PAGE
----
30 September 2004
Nanotechnology provides energy solutions
By Jim Pinto
When asked what he would do today, if he were starting out again as a teenager, Michael Dell answered, “nanotechnology.” When asked what growth business he would start from scratch today, Jeff Bezos said “nanotechnology.”
It seems clear that small, incremental changes will not be sufficient to solve the world’s energy problems. What the world needs is a technological breakthrough—an inflection point that will bring orders of magnitude improvements. I think nanotechnology is at the forefront. Within the next decade, it will generate a new spread of products and services that will drive wealth and job creation.
Advancement of nanotechnology can be an integral component to solving the energy problem. Breakthroughs in nanotechnology open up the possibility of moving beyond current alternatives for energy supply by introducing technologies that are efficient, inexpensive, and environmentally sound.
Nanotechnology will be a major contributor to energy independence if the right investments occur. The major role of nanotechnology will be in new materials, for example in catalysts for energy generation or emissions scrubbing, membranes for fuel cells or huge storage capacitors, or new materials for strong, lightweight transmission lines and new kinds of lighting.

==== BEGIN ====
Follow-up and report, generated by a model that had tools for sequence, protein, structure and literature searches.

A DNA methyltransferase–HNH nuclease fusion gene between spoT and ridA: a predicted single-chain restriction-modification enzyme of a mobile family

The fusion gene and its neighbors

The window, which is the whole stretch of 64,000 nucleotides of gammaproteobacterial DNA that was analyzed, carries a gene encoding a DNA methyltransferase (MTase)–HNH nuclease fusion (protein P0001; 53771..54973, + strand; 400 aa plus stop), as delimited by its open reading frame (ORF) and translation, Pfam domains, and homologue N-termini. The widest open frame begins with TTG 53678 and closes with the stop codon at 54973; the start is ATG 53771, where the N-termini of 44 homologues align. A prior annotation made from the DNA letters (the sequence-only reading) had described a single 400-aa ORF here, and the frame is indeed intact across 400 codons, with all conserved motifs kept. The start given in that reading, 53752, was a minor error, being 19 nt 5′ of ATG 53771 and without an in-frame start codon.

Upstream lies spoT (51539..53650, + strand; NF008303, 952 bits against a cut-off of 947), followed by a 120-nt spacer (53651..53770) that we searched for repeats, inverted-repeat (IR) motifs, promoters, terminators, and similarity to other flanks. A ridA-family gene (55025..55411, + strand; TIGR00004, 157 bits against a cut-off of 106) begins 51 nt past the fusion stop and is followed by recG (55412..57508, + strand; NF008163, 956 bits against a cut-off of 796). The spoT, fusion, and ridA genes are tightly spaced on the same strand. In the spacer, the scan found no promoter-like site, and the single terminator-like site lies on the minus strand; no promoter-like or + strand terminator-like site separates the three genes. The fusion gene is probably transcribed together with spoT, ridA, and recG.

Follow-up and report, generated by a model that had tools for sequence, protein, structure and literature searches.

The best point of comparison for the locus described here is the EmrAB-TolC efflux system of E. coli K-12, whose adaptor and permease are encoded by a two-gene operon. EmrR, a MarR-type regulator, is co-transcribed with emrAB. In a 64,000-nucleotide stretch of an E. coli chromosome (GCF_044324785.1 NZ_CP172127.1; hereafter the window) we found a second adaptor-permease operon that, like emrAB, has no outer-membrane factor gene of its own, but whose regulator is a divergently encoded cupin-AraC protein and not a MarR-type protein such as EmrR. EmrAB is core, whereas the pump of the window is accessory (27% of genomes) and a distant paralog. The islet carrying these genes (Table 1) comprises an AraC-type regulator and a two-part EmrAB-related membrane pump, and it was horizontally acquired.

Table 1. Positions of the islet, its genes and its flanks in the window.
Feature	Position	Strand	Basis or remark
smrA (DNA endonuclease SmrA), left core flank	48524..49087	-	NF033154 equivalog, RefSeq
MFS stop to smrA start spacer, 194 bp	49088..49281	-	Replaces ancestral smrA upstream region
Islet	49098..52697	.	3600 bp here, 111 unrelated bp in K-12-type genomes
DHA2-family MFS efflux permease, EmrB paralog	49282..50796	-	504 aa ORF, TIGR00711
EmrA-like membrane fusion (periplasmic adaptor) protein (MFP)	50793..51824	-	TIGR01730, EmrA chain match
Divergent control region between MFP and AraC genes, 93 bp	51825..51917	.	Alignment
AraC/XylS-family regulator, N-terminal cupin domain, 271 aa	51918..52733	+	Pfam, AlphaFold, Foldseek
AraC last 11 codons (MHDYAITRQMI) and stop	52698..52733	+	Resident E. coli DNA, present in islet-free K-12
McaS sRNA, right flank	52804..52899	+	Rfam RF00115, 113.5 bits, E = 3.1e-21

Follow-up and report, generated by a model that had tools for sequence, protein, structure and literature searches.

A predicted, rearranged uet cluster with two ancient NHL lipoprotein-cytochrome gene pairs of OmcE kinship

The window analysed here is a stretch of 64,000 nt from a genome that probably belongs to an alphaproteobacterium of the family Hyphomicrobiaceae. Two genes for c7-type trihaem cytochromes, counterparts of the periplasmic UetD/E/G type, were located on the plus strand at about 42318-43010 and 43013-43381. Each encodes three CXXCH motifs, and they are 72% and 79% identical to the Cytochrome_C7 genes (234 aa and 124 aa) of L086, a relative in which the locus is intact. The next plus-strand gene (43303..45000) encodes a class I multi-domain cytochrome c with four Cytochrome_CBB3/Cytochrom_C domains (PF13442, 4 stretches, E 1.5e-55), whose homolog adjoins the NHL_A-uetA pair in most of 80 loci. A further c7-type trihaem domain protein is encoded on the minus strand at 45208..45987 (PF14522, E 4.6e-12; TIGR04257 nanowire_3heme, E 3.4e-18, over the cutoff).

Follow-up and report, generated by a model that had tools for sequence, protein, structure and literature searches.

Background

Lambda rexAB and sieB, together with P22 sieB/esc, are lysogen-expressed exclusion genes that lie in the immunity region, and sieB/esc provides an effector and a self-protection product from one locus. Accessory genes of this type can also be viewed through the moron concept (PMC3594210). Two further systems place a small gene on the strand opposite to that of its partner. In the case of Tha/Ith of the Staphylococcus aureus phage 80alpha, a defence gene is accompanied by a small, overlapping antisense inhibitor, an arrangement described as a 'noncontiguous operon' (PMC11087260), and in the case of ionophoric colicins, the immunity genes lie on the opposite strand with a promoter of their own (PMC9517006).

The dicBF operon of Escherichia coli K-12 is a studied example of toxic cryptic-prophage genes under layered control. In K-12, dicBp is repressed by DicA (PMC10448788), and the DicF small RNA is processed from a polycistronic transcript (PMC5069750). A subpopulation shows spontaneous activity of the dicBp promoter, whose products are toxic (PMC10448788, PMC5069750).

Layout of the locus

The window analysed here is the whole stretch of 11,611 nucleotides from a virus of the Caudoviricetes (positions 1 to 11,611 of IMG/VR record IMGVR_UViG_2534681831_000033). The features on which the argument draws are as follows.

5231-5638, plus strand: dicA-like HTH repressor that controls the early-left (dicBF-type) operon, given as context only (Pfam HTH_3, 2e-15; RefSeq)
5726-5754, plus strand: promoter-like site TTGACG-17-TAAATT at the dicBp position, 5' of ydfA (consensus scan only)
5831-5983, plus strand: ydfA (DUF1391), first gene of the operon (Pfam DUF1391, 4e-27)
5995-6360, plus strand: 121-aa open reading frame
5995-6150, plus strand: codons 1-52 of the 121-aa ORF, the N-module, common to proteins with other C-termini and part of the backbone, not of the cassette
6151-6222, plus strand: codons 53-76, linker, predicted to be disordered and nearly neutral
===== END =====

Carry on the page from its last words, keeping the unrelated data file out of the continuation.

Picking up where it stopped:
Nanotechnology such as nanotubes, nanowires, and nanocomposites for batteries, will bring orders of magnitude improvements. Nanostructured membranes, nanohorn electrodes, and nanocatalysts will make fuel cells smaller, lighter, and more affordable.
Many people feel that clean, nuclear energy is the only energy-efficient solution. France, for example, gets 75% of its electrical power from nuclear energy and exports electricity to neighboring countries. But, oil and environmental-safety lobbies seem to exert a major influence in the U.S., to the extent that only some 20% of U.S. electrical power comes from nuclear energy.
In any case, if cheap electricity was available, critical innovation needs to allow gigawatts of electrical power to transport over continental distances. Nanotechnology in the form of single-wall carbon nanotubes (or bucky tubes) forming quantum wires will be important in this electrical transmission revolution.
Richard Smalley – Nano-energy will save the Earth
Nanotechnology helps solve the world’s energy problems
Book: Nanocosm – Nanotechnology and the Big Changes Coming
Behind the byline
Jim Pinto is an industry analyst and founder of San Diego–based Action Instruments. You can e-mail him at firstname.lastname@example.org or view his writings at http://ww.JimPinto.com. Read excerpts from his new book, Automation Unplugged at http://www.jimpinto.com/writings/unplugged.html.